Genocide in Chechnya
In Grozny, ISCA representatives visited one of four major Russian concentration camps used for detaining Chechens during the war. Just outside of the city is one of the most infamous camps established by the Russians during the war. Known as PAP-1 (the Passenger Automobile Plant, or Passazhirskoe Avtomobilnii Predpriatie in Russian), the detention camp is the site of a former bus repair facility.
Torture chamber. Coverted bus garage, this cell, like all the others, was lined with steel grates, preventing the prisoners from touching the walls.
The camp held civilians as well as Chechen soldiers. Many parts of the main bus repair plant used for torturing Chechens detainees remain in place. Blood stained walls adorn the former holding cells where Chechens were held for interrogation. Chechen officials estimate that PAP-1, as well as three other camps, held at least tens of thousands of Chechens during the war, the majority of whom were civilians, not military combatants. Aside from PAP-1, one of the largest concentration camps used for detaining Chechens was located at the Russian military base at Mozdok. The average length of time for Chechens to be held at the camp was approximately one week. If, during the course of interrogation, it was learned that the detainees were important military prisoners, then they were transported by helicopter to the Russian detention camp at Mozdok for further interrogation. There are unconfirmed reports that the American, Fred Cuny, may have been transferred to Mozdok from PAP-1, where he may have been detained before being moved to the other camp.
To the naked eye it is difficult to know that PAP-1 was a major detention center used for interrogation and torture. Most Chechens are not eager to advertise the location of the camp and the members of the elite Presidential Guard did so only with great reluctance. With their martial traits and deep sense of pride, Chechens are remarkably embarrassed by what happened at PAP-1 and believe that it is a source of weakness to show the camp to foreigners. A sign near the entrance to the detention center states that the former detention camp is a Museum to the Victims of the War, but no displays or signs are visible inside, only the grisly remnants of Russian interrogation cells. When in operation, PAP-1 was a heavily guarded facility holding as many as 1,500 Chechens, many of whom disappeared altogether after being imprisoned at the camp.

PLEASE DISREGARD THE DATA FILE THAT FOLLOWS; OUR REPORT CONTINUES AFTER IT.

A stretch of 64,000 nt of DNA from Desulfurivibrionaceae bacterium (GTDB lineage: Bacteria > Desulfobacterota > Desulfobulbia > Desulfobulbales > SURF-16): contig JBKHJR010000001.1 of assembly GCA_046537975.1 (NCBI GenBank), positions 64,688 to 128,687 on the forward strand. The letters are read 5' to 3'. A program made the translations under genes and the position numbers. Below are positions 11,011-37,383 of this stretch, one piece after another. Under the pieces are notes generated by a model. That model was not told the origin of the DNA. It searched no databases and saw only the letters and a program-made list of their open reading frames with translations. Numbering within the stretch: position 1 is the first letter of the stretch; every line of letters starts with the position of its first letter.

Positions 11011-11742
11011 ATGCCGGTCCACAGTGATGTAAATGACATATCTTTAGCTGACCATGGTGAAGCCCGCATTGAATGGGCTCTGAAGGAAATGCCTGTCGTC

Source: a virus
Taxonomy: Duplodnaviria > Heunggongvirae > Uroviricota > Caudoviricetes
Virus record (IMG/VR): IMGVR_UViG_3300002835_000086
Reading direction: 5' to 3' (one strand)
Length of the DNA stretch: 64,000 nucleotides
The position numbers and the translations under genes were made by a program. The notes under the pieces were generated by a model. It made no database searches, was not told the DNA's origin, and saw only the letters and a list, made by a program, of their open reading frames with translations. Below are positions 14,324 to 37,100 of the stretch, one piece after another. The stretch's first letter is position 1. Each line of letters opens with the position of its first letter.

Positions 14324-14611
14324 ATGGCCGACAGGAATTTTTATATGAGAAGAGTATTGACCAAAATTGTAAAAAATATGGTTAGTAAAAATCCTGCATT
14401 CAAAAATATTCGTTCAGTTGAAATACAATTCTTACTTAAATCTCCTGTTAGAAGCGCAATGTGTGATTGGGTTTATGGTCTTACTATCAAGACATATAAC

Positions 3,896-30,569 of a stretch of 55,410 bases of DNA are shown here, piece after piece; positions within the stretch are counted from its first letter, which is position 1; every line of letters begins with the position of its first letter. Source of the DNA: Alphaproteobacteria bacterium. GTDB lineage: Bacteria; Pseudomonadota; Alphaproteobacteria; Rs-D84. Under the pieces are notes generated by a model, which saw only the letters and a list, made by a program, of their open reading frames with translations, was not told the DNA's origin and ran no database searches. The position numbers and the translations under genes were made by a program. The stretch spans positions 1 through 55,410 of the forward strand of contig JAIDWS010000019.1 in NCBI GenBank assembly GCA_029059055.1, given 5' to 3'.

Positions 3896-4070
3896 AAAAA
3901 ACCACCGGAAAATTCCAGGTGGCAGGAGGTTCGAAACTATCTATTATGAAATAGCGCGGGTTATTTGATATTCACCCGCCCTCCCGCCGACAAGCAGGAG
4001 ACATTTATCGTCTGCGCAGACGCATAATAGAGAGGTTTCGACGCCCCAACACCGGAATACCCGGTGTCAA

Ostensibly PAP-1’s major purpose was to serve as a center for filtering civilians and soldiers captured during the fighting. By the end of the war, PAP-1 was one of the biggest concentration camps in operation in Chechnya. In an effort to release Chechens imprisoned at the compound Chechen special-forces units frequently fought to overrun the camp and in a rare instance of failure on the battlefield proved unable to break through the impregnable walls of PAP-1. Today the facility has a deathly silence as the proud members of the elite Presidential Guard seethe with emotions of anger and silence. They retell the history of PAP-1 and argue that this is the second instance in this century of Russian-orchestrated genocide against the Chechen people. The first instance, they note, was in 1944, when Stalin deported millions of Chechens by boxcars to remote areas of the Soviet Union where they languished in Siberian and Central Asian prison camps.
Electric torture chair, used in last war to torture Chechen prisoners, nearly all of whom were civilians. Other atrocities included nailing prisoners by their tongues to the table, electric shock and burning the bodies of the dead in huge vats.